The Digital Communications Commission, the apex decision-making body in the telecom sector, is expected to meet on Friday to deliberate on a relief package for the financially stressed industry.
Of this, Bharti Airtel needs to pay Rs 35,500 crore and Vodafone Idea more than Rs 50,000 crore—they have paid just a fraction of the total till now.
The industry has made a string of demands including a moratorium, staggered mode of payment, lower licence fee and setting up of a tariff floor.
Sources said that any relief for the sector would come with riders.
“They (companies) cannot manipulate us, they have to make further payments before even seeking relief,” a Department of Telecommunications (DoT) official said.
The DCC, formerly known as the Telecom Commission, comprises officials from the departments of telecommunications, electronics and information technology, revenue, and think tank NITI Aayog.
The DoT is expected to make a presentation to the commission regarding the possible relief scenarios.
Cellular Operators’ Association of India, a body representing the telecom industry, on Thursday urged the Union government to step in so that the telecom sector can be brought back on track.
COAI, in a letter to Telecom Secretary Anshu Prakash, asked for easier terms for payment of statutory dues by telcos, including extension of loans at lower interest rates to cover the AGR liabilities, as also fast implementation of floor prices, to rescue the troubled sector.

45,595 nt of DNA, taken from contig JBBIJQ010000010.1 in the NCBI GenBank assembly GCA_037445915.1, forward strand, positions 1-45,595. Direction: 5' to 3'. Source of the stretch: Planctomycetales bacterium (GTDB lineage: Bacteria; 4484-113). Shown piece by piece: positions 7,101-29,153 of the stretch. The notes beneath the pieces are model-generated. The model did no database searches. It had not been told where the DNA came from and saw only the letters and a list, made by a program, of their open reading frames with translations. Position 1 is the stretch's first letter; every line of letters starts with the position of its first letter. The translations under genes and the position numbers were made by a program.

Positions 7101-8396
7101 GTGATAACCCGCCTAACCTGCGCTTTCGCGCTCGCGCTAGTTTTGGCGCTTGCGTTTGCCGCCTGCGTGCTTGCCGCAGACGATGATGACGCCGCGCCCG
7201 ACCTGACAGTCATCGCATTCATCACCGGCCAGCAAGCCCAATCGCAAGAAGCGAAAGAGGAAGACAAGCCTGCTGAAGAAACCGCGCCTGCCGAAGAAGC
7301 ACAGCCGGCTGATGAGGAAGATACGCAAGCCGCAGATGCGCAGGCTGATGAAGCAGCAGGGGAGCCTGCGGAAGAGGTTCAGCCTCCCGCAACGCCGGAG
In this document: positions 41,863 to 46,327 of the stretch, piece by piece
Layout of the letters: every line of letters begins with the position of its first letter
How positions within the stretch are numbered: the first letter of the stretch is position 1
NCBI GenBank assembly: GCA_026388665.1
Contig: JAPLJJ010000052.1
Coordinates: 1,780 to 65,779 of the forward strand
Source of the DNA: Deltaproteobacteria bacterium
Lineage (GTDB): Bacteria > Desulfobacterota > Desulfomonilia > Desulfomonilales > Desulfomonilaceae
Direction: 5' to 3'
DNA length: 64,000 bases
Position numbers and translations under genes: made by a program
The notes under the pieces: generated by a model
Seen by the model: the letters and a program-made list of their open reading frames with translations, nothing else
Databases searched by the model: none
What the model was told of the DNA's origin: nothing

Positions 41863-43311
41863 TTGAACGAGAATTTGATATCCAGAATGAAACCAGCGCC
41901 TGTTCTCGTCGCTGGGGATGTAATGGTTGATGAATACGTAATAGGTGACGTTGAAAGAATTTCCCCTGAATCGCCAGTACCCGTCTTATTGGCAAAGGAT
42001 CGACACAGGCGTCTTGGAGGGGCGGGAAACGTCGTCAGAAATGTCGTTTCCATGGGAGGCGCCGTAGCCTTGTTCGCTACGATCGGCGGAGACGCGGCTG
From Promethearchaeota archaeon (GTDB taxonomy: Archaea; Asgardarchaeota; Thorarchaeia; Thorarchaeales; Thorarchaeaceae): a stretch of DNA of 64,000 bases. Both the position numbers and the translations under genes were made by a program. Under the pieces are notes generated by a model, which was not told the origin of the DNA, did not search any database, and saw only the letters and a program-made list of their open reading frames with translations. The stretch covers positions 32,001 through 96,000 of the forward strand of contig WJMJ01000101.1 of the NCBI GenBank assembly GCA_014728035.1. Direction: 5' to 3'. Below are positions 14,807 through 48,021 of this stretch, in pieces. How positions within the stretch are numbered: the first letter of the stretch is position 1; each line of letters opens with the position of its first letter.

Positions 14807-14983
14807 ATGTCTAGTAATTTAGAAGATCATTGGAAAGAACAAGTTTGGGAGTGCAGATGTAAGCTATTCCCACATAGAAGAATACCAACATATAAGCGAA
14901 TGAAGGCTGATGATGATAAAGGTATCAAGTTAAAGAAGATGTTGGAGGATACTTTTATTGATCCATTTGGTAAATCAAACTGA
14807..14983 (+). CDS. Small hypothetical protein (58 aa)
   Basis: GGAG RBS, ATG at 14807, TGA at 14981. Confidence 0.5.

The association has raised an alarm over banks’ unwillingness to take any risk. It has said banks must get a clear message from the government to support the sector.
Banks are “constantly asking telecom service providers to reduce their exposures by refusing to issue new bank guarantees or even to renew bank guarantees”, COAI Director General Rajan Mathews said in the letter.
It said the requirement of financial bank guarantees for securing licence fee payments should be done away with. In case the Telecom Department is of the view that financial bank guarantees are needed, the same should be reduced to one quarter of the licence fee, according to the association.
The COAI also sought an immediate cut in the licence fee levy to 3 per cent from 8 per cent, as well as a reduction in the spectrum usage charges.
Citing India’s low average revenue per user (ARPU) compared to markets like China, Brazil and Russia, COAI has also pressed for a floor price “to ensure the sector is sustainable’’.
Earlier in the week, Vodafone Idea made it clear to the government that it wouldn’t be able to pay the court-mandated AGR dues in its entirety, unless a bailout was extended immediately.
The Supreme Court, in October last year, upheld the government’s position on including revenue from non-core businesses in calculating the annual AGR of telecom companies, a share of which is paid as licence and spectrum fee to the exchequer.
Vodafone Idea, in a letter to the DoT, has even sought adjustment of goods and services tax (GST) refund to the tune of Rs 8,000 crore against its AGR dues.